Britain's consumers increased visits to retailers and leisure providers in the run-up to the Easter holiday weekend and bookings at restaurants were their strongest in seven months, according to data published by the country's statistics agency.
Visits to retail and recreation locations increased by 8% to 91% of their pre-coronavirus levels in the week to 15 April, which included the Good Friday bank holiday, the Office for National Statistics said on Thursday.
Seated diner reservations were 138% of 2019 levels, the highest relative level since early September 2021, the ONS said.
The Bank of England and private economists are keeping a close eye on how consumers respond to the sharp rise in inflation that is squeezing household incomes and threatens to slow the economy after its recovery from the COVID-19 pandemic.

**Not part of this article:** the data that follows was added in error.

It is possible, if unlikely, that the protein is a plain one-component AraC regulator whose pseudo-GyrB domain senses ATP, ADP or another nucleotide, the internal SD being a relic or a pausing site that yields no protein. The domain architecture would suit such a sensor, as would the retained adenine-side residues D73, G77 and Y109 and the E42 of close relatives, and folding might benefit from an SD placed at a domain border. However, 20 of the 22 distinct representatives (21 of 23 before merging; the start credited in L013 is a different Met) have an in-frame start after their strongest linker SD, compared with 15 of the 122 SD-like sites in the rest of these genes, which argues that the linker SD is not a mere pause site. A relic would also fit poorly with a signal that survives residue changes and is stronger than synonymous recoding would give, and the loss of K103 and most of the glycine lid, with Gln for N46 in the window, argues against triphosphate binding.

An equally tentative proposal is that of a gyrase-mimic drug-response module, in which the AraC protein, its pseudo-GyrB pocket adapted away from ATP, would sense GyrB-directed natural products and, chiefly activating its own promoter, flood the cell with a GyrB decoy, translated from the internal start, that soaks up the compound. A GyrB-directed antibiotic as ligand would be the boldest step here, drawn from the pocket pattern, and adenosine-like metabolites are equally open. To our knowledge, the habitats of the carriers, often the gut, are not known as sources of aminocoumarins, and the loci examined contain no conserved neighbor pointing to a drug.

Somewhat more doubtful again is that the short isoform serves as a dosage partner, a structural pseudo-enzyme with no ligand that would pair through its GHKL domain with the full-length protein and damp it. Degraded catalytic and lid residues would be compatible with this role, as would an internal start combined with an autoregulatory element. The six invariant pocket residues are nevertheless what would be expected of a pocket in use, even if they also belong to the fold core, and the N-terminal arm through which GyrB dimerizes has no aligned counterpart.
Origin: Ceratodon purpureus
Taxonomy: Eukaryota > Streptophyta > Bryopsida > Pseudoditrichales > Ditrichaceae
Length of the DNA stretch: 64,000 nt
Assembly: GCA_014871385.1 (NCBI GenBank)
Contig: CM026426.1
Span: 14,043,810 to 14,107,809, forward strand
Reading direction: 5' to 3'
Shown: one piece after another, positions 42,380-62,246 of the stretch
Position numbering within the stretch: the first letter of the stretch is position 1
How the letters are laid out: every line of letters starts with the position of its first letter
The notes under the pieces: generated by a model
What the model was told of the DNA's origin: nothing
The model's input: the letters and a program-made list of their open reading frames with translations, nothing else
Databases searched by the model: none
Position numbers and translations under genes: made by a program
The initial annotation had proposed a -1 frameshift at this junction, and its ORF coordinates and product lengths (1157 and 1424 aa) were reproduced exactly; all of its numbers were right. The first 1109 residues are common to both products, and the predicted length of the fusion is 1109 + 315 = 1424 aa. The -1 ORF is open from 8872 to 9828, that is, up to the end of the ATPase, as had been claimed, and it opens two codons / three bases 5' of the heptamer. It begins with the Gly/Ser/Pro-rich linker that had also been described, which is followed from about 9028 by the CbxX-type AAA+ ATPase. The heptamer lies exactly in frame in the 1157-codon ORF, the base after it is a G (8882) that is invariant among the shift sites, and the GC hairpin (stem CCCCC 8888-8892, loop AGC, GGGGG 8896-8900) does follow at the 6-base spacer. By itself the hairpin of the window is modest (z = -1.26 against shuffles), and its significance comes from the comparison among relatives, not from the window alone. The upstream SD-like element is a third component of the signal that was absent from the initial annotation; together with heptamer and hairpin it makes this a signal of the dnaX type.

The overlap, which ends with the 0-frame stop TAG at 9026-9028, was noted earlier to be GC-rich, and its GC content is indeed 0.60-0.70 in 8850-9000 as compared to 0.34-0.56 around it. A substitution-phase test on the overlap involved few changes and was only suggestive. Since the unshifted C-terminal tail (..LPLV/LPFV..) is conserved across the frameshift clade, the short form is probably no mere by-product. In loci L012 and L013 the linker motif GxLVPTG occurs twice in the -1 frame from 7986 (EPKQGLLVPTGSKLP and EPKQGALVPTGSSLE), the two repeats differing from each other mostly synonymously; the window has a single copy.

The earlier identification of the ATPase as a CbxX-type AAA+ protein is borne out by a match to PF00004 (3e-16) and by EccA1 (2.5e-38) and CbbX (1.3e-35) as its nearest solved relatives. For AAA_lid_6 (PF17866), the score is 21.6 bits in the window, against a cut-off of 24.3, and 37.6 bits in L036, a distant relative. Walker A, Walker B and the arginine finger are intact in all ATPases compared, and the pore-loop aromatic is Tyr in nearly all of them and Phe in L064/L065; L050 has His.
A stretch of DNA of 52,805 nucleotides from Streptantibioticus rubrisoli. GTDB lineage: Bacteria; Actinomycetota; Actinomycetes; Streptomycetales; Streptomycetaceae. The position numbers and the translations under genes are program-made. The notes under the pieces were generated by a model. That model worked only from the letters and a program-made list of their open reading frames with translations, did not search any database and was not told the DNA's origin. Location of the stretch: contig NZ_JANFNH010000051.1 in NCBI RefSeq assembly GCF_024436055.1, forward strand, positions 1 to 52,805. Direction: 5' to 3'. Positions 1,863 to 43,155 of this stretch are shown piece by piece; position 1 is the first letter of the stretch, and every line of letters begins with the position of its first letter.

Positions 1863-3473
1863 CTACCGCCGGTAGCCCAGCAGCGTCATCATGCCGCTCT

The ONS said interbank CHAPS payments data was broadly unchanged from the previous week at 105% of its February 2020 average level in the week to 14 April.
But work-related spending, which includes the purchasing of road fuel, increased by 8 percentage points, reflecting how the fallout from Russia's invasion of Ukraine has pushed global oil prices higher.
In late March, 29% of functioning businesses reported that their production or suppliers or both had been affected by recent increases in energy prices, up from 25% in early March.
Accommodation and food service firms reported the highest percentage at 56%, the ONS said.
Average gas prices fell by 22% in the week to 17 April and were 41% off their recent peak on 10 March. But they were 234% higher compared with the same period last year.
The BoE is also keeping a close eye on the labour market as it worries about the risk that a shortage of candidates for jobs pushes up pay and creates a longer-term inflation problem.
Total online job adverts increased by 4% in the week to 14 April April to 144% of their February 2020 average level, the ONS said, using data from jobs website Adzuna.